[Gnso-epdp-team] SSAC minority statement

Volker Greimann vgreimann at key-systems.net
Fri Aug 21 12:33:13 UTC 2020

Hi Rod,

it seems the SSAC has not understood some of the core features of the SSAD,
such as the response time SLAs. Phase two does not in fact allow disclosing
parties to respond more slowly than phase one. I invite the SSAC to revisit
the report and try to understand what these two phases actually are and how
they work. I admit, it is a complicated model, but once you understand the
difference between the two different targets (both of which will apply in
phase two) it, it will make sense.

I understand your objections to the prioritization of cybersecurity
concerns, but your statement reads as if the SSAC did not have a
representative on the ePDP who ultimately agreed (or chose not to object)
with the compromise that was reached. Ultimately, this question boils down
to two questions: What is achievable in a manually operated disclosure
process and what is desirable? In our case, we defined a narrow category of
instances where priority 1 would kick in and that does include
cybersecurity issues that match the category. It was also understood that
the disclosure of registration data would not resolve the cybersecurity
issues you describe. The attacks would continue even after disclosure is
granted. Disclosure of personal data is not an effective response to the
attack in and of itself, at least not compared to actual mitigation, it may
just be a tool amongst many that may help further investigation of the

Your comments regarding the enfoceability of the SLAs and the options to
circumvent the SLAs seem to assume bad faith on the side of the responders.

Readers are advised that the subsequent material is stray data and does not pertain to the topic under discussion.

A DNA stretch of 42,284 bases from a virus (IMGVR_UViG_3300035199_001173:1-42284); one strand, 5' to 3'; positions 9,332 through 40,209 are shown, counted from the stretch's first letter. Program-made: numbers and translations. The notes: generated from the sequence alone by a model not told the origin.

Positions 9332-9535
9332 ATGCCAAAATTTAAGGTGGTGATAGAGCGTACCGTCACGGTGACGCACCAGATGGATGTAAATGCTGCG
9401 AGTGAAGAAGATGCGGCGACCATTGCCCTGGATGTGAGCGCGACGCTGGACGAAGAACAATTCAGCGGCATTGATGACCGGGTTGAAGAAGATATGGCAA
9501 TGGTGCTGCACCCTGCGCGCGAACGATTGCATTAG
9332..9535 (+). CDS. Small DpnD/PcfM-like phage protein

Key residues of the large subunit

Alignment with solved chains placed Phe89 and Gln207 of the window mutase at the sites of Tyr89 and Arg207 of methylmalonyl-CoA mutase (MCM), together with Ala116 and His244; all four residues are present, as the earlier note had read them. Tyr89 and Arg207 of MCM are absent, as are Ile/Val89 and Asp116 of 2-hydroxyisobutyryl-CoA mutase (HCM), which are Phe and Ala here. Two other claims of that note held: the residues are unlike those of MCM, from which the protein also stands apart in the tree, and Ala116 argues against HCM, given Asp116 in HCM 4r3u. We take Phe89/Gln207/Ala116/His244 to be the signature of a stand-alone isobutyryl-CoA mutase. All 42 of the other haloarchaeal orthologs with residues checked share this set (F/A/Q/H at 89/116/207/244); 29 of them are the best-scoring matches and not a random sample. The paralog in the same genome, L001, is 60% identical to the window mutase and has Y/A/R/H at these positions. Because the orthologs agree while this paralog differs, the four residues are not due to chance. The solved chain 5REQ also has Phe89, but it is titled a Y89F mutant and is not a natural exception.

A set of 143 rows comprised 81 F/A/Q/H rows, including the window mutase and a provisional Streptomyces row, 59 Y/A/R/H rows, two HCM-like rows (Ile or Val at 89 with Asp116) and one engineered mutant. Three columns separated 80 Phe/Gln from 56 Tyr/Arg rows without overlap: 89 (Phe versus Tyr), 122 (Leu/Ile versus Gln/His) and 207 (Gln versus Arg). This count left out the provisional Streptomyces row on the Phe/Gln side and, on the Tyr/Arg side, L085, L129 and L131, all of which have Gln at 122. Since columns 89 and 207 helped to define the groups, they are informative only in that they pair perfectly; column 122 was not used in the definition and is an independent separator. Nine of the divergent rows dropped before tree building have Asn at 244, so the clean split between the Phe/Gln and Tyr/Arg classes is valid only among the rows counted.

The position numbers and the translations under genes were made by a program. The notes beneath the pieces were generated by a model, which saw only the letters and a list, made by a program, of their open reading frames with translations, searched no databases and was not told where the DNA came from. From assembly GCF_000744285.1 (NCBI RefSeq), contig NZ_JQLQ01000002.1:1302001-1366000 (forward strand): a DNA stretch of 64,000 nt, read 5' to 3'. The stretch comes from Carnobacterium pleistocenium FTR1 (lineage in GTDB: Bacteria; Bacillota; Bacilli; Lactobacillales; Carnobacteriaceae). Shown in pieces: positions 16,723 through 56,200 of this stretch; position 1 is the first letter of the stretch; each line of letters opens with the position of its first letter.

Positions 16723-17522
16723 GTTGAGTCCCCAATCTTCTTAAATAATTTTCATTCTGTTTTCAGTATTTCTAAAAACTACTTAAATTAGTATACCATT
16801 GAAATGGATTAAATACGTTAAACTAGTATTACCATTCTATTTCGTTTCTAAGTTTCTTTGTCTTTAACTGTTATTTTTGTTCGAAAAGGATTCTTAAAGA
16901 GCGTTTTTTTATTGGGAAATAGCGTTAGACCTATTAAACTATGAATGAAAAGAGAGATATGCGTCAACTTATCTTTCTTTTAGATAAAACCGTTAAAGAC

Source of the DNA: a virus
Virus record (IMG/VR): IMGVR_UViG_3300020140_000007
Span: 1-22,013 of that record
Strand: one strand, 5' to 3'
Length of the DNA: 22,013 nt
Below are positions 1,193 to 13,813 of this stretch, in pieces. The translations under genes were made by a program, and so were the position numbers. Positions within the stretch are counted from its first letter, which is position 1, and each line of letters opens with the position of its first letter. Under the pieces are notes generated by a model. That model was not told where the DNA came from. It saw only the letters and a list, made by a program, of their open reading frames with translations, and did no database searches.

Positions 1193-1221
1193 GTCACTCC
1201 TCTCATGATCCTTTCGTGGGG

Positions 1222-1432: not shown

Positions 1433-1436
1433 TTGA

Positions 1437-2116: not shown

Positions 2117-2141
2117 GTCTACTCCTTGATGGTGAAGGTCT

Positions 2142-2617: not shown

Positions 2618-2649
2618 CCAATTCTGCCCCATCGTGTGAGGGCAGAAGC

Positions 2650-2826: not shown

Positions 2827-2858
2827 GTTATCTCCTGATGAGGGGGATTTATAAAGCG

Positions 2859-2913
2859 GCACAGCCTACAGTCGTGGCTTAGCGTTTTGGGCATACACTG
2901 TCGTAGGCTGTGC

This is offensive to all contracted parties, to be frank. You are
absolutely correct when you note that there is an exception to this right
in investigatory context. This applies exactly in those cases where the
requestor can make a legally binding request non-disclosure, and this is
covered by our recommendation.

You also object against a right of data subjects to be informed about any
disclosures of their data to third parties. This seems to indicate a lack
of understanding of the rights of data subjects to know what happens with
their data to enable them to act appropriately. It assumes all subjects of
disclosure are criminals, but the opposite is true. Ultimately we must
always act on the base assumption of innocence, unless proven otherwise.

You question whether the financial model violates the GDPR, but that
question was deliberated at length and decided by determining that the SSAD
would not be designed for the data subjects as they can and should exercise
their direct rights towards their service providers. This right is already
sufficiently covered in the rights of the registrant under existing
policies and the RAA. They have no need for the SSAD and should be directed
towards the registrars when they make an SSAD request.

You also object to the financing of the system, which was built on the
basic principle of "He who wants the music pays the band". Who else should
pay for this service? The millions of registrants who never registered a
malicious domain in their lives? The contracted parties, who are already
saddled with the cost of providing the output of the system? You seem to
assume that registrars and registrants are a cornucopia of resources that
can be drawn from whenever the community decides upon a new service. They
are not that. You state that this would be the cost of doing business in
the gTLD world. Is it though? It has not been in the past. Why should it be
that now? And why is the cost of having the SSAD not the cost of doing
business in the general world of the requestors then?
Requestors are free to start civil claims actions to recover their costs
from those registrants that are found to have violated the rights of the
requestors in most jurisdictions. This is done already for other
infringements, such as trademark infringements, file sharing activities,
etc. But first they have to pay for a court order to get that data. The
SSAD will reduce those costs of obtaining the data significantly compared
to other legal venues.

Finally, your statement also seems to be devoid of alternate proposals that
would be implementable. No suggestions for a better SLA, no suggestions for
appropriate response times. The SSAC was a member of the team with full
voting rights all this time, yet only now we hear your objections and even